Rangers won comfortably in the end, and some recurring qualities were evident in the way the team were grimly determined and dogged, unflinching in their commitment to grinding out a victory, but there was a significant contribution from the goalkeeper.
On three occasions during the first half, when the game was still finely balanced at 0-0, Bell delivered telling saves. It is now nine away fixtures, stretching back to October, since Rangers conceded a goal, with only six lost at Ibrox during that time.
There was a makeshift central defensive partnership in front of Bell, with Seb Faure moved across from right-back and Emilson Cribari recalled for his first start since last August, but they generally coped with the physical aggression of Kevin Kyle. Emilson was an unruffled presence, which was necessary alongside the occasional rashness of Faure, but even when the defence was breached, Bell was flawless.
He made an early stop from Kyle, down at his near post, saved well from Craig Malcolm, and then expertly from the same player's fierce effort.
An alert block from Michael Donald was also important, since it prompted a Rangers counter attack, one that ended with Fraser Aird's shot hitting the crossbar and Nicky Law only managing to lash the rebound over the bar from 10 yards.
Rangers were scrappy at times in the opening period, but Bell provided an adept counter-point. In the same way that Lee Wallace has maintained his standards in the lower leagues, Bell has continued to impress, although he comes under less intense pressure in games that Rangers tend to dominate.
He has adopted to the change in circumstances from Kilmarnock, and Ally McCoist noted afterwards that there would have been few goalkeepers in Scotland last Saturday who would have produced a more impressive individual display.
"We see it every day in training, he's a top-class goalkeeper and we're thankful he was sharp," said Richard Foster, the Rangers full-back. "I've worked with [Allan] McGregor, who's a top goalie, and Cammy's a great goalie, too.
"There are a lot of similarities between them, the reflexes, he's a great shot stopper. You have to put the ball right in the corner to beat him. This season, he's come up with big saves at big times for us.
"If he keeps producing that form then I'm sure the Scotland manager will look at him. There's maybe a bit of bias on my part, but he's a top goalkeeper. Lee [Wallace] is an inspiration to us all that while we're not playing in the top division, if we're still doing well enough then the Scotland manager will take a look."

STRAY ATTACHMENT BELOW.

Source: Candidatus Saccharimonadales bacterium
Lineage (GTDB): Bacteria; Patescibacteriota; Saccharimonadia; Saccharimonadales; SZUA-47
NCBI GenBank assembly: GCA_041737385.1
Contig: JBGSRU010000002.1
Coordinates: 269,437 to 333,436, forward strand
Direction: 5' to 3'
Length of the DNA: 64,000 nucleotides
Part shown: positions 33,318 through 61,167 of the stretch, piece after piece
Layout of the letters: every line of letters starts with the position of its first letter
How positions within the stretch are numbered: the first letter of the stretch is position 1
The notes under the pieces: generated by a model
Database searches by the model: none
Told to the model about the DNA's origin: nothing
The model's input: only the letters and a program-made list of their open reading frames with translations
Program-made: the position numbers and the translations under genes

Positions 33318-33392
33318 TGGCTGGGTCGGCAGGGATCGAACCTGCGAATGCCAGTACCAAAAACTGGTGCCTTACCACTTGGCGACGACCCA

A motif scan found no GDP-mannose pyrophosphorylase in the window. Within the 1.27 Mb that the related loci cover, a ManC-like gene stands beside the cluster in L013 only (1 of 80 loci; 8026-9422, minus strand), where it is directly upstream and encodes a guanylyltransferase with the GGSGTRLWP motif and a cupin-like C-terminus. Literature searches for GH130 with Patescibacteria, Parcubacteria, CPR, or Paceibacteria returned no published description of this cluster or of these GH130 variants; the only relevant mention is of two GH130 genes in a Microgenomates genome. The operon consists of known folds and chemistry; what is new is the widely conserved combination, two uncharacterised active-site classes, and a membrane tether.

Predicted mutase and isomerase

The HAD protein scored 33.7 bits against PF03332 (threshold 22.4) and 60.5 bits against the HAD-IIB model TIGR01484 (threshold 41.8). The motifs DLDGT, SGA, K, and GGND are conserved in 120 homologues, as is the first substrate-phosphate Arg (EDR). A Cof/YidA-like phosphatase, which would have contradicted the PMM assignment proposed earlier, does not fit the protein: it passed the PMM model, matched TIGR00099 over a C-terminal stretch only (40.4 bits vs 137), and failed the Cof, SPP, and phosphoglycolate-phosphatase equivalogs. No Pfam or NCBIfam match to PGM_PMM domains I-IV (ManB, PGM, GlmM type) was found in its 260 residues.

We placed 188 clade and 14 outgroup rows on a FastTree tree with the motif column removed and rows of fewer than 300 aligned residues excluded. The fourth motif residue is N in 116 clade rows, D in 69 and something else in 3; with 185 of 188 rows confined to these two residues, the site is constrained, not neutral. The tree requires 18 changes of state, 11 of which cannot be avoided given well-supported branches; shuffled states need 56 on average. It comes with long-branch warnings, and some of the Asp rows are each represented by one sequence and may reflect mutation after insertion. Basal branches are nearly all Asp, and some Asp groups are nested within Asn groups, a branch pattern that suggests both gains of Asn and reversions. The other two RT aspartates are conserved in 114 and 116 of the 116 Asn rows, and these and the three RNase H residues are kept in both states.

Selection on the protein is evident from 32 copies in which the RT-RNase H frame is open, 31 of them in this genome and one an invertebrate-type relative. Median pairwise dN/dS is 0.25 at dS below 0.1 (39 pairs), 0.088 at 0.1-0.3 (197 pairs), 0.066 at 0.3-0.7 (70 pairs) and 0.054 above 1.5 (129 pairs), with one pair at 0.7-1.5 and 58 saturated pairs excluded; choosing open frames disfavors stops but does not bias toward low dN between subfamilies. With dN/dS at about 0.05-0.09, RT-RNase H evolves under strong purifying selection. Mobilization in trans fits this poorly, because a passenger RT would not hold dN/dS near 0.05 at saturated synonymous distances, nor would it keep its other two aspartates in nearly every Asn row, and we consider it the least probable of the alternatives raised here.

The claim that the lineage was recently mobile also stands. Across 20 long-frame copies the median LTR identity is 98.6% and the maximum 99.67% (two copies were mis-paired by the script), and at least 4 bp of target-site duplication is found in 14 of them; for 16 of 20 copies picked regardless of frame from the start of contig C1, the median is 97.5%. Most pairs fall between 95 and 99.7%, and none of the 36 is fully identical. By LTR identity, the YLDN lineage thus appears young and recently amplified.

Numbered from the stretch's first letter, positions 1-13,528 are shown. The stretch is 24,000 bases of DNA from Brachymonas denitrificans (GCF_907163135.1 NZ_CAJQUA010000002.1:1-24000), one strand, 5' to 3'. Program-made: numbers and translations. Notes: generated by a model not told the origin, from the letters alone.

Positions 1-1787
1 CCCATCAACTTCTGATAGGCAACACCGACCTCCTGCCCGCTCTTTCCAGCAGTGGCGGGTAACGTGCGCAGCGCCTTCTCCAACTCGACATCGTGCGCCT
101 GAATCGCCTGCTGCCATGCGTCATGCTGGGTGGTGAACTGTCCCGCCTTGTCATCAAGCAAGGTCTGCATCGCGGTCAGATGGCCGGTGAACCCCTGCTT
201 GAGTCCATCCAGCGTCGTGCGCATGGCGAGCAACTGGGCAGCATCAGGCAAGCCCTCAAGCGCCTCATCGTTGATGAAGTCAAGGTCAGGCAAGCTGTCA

There was little other expertise on show, beyond the spirit and hard-edged character of a Rangers side that has learned how to win games under difficult circumstances. Ayr were solid, committed, organised and industrious, which required the visitors to be similarly gritty.
If there was an element of uncertainty in the final third during the first half, that was rectified at the interval, with Aird drilling a cross into the penalty area just 29 seconds into the second half that Law diverted into the net.
The clinching goal came when Wallace sent a deep cross into the penalty area that Daly converted with a firm header.
These are small incidents on the bigger journey back towards the top-flight, but that context is always present. McCoist clarified afterwards that his comments last week were about the club having lost £30m worth of talent two years ago, not that it would take that sum of money to make Rangers title contenders again. Some of the current squad, like Foster, played in Champions League nights at Ibrox, but the reality for now is completing their immediate task.
"These games are tough, but we're developing a strong character, a will to fight and scrap for each other which is important in any dressing room," he said. "Those [Champions League ties] were the best games I've played in, but there are times coming to places like this, Brechin and Forfar develops more character. Sometimes it's not pretty, but we win."
For Rangers this was a job accomplished, whereas for Ayr United it was a reminder that there can still be positives to take from a defeat. "The manager wanted us to have a go and we did that," said Malcolm.
"The last few games we've shown them a bit too much respect. It's a missed opportunity, running into a goalkeeper who played like that. The two saves he made from myself and Mikey were outstanding."